Geopolitics, in which national security and strategy are often rooted, is just as relevant as ever in the face of threats related to cybersecurity. According to Marshall Institute Fellow, John B. Sheldon, there are numerous reasons to believe that geopolitics still remain fundamental in the face of the Internet revolution. Sheldon points out that infrastructures from satellites to routers to cables are placed in specific points of geography (most of which have been placed by private companies), and geopolitical considerations are taken into account for their placements (such as not placing cables too closely to sea lanes.) In a thesis paper produced in 2014, he concludes that “Wherever geopolitical rivalries and tensions are present and wherever the physical locus of power resides, cyber exchanges occur.  Terrorist use of cyberspace also has a geopolitical dimension… Last, it might even be claimed that the criminal use of cyberspace can have a geopolitical aspect… [who], taking advantage of countries with cyberspace infrastructure but weak governance, use cyberspace to further their geographic reach and take advantage of global financial networks.”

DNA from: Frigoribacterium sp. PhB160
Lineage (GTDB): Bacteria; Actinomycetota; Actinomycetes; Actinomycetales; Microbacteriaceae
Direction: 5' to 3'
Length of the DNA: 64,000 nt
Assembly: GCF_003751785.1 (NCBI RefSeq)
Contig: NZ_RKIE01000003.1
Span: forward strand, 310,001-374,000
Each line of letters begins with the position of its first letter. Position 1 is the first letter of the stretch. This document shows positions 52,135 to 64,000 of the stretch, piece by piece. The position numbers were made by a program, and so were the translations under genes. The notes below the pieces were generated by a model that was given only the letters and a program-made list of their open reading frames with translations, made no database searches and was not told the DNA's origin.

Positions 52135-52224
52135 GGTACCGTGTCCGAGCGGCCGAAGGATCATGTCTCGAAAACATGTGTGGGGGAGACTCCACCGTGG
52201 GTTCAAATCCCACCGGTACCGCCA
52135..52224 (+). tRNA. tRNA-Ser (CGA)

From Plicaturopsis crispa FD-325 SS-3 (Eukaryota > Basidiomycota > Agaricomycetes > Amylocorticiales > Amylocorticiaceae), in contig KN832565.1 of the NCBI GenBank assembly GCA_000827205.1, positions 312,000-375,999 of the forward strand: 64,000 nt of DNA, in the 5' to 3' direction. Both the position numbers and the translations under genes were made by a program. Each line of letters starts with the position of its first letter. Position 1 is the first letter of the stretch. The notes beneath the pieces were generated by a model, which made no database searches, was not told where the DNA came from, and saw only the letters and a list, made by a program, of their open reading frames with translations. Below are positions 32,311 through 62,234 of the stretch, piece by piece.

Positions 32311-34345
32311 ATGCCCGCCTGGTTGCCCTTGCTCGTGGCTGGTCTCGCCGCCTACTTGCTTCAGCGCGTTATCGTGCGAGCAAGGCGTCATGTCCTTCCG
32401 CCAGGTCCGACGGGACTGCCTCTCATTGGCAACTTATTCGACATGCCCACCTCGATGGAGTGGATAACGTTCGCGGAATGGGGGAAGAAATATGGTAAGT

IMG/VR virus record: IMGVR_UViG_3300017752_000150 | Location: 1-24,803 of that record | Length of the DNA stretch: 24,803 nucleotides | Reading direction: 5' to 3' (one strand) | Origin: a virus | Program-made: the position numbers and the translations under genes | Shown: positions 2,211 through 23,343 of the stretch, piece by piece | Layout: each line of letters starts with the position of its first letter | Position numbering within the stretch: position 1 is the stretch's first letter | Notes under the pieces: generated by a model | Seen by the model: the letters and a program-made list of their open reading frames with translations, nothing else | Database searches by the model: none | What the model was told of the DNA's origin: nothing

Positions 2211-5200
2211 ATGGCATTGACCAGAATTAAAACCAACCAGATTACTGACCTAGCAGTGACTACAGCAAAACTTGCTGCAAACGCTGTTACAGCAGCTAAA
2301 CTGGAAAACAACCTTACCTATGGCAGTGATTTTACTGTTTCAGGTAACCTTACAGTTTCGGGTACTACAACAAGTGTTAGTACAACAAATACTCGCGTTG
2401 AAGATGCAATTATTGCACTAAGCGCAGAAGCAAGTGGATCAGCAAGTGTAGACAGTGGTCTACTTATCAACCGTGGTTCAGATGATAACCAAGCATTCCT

In 2009, the GhostNet spy system based in China infected computers of over a hundred locations of strategically significant political and economic interests, many of them embassies.  One such target included the office of the Dalai Lama, who is regarded as Beijing’s nemesis. These various savvy actors implement their geopolitical ambitions not only on the surface web, but also on the dark web, which requires professional knowledge and resources to combat.